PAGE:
Monday, July 21, 2008

'You gotta have balls'

After spending most of the first half of this year reading psychological, neurological, and musicological textbooks (and any other 'ologies' you may think of), it was a relief sweeping past the tables of paperbacks at Dussmann's in Berlin a couple of weeks ago to just get some reading books. It's a huge shop over 5 floors, styling itself the Kulturkaufhaus (also got my CDs and my Beethoven scores while I was at it), and just as an afterthought I looked at this table laden with books and found three, two of which at least seem to be very good and funny. I can do with funny at the moment!

Lily Brett's 'Chuzpe' (in German) or 'You gotta have balls' is wonderful! It's about a neurotic New York Jewish lady, Ruth, with an eating disorder (only eats green stuff) and her 87-year-old father who is a holocaust survivor. As the author says, if your parents survived the camps, you have no chance to ever complain about suffering yourself. Ruth runs a business writing letters for people. Her father who has lived in Israel for all the post-holocaust period, comes to live in New York and drives her crazy, helping out in her business, full of good ideas (he thinks) and overdoing everything. Then, suddenly, he shows up less at her work, and she starts to worry. Even more so when two ladies, who they met in Poland in a remembrance visit the previous year, show up and move in with the father. When one of these ladies, Zofia (69), tells her about the wonderful sex she has with Ruth's father, the world just about melts down. Then it turns out that the three elderly folk have a business idea.....and all Ruth's friends and relations think that the old folk are just wonderful.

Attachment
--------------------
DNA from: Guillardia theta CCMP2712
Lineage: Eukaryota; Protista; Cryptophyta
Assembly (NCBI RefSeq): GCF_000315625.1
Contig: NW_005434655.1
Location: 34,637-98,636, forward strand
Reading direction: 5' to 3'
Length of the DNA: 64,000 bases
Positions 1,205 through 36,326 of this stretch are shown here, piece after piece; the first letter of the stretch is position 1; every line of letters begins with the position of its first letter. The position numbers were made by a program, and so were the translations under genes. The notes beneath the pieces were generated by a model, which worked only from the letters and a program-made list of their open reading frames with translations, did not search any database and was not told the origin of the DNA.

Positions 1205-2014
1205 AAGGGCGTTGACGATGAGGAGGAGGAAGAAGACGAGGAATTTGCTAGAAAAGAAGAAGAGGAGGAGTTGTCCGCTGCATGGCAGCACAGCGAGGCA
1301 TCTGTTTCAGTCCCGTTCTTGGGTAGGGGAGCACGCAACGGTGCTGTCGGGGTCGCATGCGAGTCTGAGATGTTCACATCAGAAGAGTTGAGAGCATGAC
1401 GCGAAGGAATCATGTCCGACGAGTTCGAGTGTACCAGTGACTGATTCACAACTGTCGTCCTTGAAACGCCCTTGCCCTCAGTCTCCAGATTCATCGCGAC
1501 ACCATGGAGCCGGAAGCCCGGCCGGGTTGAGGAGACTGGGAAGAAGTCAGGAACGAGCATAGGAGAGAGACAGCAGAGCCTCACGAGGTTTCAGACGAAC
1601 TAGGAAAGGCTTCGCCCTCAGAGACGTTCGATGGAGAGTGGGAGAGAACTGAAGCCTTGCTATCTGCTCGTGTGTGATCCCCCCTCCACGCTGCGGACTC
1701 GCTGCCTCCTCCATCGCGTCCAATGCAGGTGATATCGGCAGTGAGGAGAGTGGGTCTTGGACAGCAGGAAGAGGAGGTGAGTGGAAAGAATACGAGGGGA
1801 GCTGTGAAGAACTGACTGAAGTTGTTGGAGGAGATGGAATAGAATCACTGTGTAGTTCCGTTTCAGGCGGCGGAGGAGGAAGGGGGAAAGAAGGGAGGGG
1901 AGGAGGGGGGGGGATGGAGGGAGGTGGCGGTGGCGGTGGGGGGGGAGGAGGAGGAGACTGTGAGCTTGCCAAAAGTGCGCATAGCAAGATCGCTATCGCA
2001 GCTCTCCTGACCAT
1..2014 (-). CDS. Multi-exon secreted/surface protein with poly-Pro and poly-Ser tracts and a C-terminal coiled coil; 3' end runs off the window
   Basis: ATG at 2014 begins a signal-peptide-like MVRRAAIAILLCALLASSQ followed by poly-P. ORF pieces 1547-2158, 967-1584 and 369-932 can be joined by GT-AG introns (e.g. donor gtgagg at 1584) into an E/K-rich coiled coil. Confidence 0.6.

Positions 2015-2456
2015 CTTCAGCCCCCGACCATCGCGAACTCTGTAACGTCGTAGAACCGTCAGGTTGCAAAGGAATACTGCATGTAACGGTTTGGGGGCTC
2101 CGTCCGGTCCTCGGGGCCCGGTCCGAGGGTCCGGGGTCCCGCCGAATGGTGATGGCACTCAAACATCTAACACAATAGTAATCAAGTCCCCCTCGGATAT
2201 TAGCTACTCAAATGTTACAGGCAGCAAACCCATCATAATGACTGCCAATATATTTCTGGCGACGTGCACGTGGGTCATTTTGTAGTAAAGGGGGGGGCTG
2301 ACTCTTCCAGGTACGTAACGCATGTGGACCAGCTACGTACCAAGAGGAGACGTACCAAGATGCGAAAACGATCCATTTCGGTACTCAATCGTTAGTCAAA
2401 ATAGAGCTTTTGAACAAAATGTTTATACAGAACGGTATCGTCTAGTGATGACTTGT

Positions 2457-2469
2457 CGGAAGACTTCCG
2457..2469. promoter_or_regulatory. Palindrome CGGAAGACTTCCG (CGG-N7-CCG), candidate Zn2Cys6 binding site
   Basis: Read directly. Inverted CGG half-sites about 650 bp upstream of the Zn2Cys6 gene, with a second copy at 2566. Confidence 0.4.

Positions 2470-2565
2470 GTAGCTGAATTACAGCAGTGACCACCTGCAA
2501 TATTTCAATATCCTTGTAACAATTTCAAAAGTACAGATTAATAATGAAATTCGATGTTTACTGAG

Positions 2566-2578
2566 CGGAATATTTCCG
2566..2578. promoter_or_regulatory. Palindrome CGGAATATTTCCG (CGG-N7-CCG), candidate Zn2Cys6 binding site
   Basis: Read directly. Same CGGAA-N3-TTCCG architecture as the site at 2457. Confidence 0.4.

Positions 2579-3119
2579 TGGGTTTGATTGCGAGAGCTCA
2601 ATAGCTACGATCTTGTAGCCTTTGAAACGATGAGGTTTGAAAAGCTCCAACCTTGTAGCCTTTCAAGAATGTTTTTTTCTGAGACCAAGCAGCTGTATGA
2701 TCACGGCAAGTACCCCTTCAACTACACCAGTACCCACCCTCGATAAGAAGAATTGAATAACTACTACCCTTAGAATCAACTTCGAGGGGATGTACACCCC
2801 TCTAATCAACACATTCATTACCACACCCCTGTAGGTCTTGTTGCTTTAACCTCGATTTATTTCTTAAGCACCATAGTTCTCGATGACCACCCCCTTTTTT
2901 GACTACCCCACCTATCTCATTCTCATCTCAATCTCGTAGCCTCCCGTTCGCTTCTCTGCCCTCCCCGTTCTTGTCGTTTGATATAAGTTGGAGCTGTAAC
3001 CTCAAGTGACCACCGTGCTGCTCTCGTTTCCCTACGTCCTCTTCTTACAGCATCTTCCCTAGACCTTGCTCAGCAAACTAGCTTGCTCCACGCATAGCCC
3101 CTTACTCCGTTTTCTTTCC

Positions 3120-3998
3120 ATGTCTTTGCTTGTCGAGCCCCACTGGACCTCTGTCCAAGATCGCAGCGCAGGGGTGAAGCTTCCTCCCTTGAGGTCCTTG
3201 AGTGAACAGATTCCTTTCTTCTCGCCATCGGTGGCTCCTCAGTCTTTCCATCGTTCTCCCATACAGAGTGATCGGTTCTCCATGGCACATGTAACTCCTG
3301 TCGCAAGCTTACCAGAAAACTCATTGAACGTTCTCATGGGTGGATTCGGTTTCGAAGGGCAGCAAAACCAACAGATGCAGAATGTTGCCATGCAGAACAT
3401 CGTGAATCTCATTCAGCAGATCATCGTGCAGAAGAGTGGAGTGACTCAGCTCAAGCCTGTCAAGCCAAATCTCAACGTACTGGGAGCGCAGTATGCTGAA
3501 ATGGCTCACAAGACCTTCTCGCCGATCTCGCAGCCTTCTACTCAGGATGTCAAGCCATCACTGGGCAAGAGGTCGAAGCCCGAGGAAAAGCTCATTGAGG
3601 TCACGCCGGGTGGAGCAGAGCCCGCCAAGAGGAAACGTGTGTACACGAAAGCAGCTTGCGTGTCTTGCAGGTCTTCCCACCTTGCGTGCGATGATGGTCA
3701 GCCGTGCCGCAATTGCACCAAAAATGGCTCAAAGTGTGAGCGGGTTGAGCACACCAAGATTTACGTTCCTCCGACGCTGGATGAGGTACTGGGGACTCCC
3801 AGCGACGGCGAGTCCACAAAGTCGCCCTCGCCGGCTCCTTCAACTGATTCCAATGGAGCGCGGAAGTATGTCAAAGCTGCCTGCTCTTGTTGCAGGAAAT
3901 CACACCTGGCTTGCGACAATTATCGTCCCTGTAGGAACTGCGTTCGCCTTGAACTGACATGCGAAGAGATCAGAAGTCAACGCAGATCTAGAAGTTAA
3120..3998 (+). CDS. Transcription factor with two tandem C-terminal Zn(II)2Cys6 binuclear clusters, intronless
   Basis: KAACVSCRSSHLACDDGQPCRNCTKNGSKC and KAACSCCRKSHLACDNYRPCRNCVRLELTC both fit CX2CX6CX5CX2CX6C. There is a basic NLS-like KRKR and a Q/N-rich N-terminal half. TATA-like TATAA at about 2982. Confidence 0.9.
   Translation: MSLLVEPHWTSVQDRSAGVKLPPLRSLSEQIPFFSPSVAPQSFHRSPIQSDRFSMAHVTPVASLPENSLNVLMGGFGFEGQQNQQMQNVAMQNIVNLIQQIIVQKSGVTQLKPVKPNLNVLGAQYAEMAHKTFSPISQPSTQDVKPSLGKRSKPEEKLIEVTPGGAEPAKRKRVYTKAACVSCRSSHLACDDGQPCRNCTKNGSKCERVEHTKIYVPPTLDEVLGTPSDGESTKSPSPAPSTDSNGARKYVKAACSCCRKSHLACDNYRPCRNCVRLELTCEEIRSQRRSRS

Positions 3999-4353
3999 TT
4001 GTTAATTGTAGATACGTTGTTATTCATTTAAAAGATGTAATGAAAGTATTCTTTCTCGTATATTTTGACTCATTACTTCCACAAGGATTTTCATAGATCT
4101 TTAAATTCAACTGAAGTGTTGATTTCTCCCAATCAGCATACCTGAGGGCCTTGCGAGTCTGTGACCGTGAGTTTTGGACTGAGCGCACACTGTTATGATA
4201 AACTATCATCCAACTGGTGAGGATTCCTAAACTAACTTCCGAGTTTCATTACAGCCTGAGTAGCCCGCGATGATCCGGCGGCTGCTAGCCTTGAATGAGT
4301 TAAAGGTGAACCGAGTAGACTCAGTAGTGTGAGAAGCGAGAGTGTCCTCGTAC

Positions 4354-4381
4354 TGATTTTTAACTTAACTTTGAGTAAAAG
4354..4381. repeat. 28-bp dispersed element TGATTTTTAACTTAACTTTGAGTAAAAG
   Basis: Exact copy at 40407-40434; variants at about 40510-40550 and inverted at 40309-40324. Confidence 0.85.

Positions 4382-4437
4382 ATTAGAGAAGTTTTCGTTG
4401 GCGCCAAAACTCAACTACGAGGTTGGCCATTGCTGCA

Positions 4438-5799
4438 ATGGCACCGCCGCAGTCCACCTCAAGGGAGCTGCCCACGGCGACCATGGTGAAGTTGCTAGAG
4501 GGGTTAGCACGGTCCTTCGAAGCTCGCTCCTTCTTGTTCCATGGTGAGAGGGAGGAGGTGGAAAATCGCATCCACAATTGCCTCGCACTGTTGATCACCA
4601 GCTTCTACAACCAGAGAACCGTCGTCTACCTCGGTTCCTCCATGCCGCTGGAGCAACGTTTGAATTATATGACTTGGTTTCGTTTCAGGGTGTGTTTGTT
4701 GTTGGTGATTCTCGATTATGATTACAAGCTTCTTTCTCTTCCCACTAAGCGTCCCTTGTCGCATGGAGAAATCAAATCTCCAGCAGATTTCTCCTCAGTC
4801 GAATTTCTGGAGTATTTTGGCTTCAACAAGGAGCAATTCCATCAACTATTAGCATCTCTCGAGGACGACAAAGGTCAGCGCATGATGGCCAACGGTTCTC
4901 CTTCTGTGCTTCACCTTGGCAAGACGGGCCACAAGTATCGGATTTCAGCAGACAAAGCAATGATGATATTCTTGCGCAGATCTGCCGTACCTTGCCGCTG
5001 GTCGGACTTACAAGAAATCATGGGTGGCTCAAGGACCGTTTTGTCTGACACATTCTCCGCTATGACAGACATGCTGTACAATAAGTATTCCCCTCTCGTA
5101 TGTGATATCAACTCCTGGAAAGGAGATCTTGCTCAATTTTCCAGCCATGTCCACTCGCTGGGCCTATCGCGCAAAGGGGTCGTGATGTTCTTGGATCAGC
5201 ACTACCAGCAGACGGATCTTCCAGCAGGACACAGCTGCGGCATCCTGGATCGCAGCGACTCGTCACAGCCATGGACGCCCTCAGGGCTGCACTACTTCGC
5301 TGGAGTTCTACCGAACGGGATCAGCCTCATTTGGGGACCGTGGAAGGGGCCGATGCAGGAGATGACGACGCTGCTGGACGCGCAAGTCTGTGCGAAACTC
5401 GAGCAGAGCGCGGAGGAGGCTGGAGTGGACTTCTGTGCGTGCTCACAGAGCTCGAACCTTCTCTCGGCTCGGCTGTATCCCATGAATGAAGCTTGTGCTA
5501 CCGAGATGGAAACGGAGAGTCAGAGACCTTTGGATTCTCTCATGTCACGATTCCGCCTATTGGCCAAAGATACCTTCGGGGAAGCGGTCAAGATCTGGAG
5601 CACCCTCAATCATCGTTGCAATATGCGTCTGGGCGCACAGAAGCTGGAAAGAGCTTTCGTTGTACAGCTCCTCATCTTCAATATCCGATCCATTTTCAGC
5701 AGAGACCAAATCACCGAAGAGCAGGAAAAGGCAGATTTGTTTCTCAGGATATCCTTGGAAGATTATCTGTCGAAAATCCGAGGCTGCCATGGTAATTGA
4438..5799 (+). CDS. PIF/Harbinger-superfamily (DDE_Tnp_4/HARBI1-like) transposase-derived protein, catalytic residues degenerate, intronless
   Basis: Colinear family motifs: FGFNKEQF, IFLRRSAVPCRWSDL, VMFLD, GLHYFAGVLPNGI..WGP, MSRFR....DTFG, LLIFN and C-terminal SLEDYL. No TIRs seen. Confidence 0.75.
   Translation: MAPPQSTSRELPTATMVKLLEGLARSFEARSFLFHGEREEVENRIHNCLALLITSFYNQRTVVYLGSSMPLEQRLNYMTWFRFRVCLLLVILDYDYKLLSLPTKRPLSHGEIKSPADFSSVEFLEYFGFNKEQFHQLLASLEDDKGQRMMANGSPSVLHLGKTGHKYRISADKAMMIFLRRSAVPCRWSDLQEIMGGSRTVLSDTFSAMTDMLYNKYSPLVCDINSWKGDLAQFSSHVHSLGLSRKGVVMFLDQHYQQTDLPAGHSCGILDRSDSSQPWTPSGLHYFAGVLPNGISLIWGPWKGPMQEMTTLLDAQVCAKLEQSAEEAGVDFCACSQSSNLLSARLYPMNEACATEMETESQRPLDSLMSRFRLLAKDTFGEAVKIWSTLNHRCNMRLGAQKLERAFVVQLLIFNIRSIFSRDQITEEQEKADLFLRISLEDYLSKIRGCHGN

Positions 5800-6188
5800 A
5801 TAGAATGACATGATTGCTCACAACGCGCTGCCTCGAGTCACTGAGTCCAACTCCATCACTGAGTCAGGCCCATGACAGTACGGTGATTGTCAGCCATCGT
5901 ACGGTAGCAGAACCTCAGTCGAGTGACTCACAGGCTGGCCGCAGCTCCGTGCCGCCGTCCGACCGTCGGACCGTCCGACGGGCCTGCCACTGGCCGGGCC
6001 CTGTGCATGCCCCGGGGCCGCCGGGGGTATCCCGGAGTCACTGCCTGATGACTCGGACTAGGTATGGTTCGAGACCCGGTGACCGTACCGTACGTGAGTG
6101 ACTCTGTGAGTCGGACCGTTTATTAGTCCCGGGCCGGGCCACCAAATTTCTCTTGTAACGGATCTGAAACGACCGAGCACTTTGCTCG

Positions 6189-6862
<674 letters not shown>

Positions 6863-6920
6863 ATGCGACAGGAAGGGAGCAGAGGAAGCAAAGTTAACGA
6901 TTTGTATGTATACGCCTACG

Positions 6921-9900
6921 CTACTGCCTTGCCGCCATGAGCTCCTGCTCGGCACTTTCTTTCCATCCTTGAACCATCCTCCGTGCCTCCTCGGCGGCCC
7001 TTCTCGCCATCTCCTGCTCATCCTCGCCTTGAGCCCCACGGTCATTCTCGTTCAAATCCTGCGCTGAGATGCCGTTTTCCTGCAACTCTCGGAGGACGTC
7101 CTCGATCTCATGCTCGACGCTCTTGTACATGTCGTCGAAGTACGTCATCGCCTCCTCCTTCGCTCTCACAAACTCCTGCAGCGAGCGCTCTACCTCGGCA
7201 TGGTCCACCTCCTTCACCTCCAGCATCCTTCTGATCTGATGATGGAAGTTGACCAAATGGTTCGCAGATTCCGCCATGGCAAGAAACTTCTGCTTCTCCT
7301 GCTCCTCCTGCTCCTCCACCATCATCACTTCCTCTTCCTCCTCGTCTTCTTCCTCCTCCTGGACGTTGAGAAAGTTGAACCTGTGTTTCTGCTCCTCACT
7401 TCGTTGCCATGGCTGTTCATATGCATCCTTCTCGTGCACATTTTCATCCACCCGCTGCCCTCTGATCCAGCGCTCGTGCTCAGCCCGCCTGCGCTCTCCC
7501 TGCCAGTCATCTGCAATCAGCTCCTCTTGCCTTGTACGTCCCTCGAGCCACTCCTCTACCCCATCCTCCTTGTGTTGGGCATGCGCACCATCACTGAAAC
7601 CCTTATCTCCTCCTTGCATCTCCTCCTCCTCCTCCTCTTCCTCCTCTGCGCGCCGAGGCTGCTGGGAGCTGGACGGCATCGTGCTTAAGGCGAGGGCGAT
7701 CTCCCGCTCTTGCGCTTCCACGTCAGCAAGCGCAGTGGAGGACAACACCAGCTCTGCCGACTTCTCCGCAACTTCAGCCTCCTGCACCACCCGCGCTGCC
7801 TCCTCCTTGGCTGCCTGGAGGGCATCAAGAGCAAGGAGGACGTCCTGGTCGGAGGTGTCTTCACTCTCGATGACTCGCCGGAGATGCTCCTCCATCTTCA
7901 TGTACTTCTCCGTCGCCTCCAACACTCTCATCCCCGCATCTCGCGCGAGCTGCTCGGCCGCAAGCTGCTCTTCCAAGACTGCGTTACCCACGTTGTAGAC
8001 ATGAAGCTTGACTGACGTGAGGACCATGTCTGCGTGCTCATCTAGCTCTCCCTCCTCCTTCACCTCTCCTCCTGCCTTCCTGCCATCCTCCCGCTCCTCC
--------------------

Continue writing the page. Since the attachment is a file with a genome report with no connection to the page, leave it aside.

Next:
The book is really funny, and unputdownable. Ruth lives from one anxiety to the next and is constantly fretting about her body, her father, her business and about her husband who is far away in Australia. The fretting increases as the business idea develops. It must have been really difficult to translate the book given that the father only speaks fractured English, and considering the New Yorkisms in it. The name of the business 'you gotta have balls' loses something (about 90%) in the German translation 'Klops muss der Mensch haben'.

It's quite similar to Maryna Lewycka's 'A short history of tractors in Ukrainian', what with the daughter of a person from Eastern Europe having to deal with her father's desire to link back to the olden days (even if the olden days, in Poland, were not particularly wonderful). Here, however, the outcome is better - and the book is very New York and very Jewish. Fantastic for a pleasant read!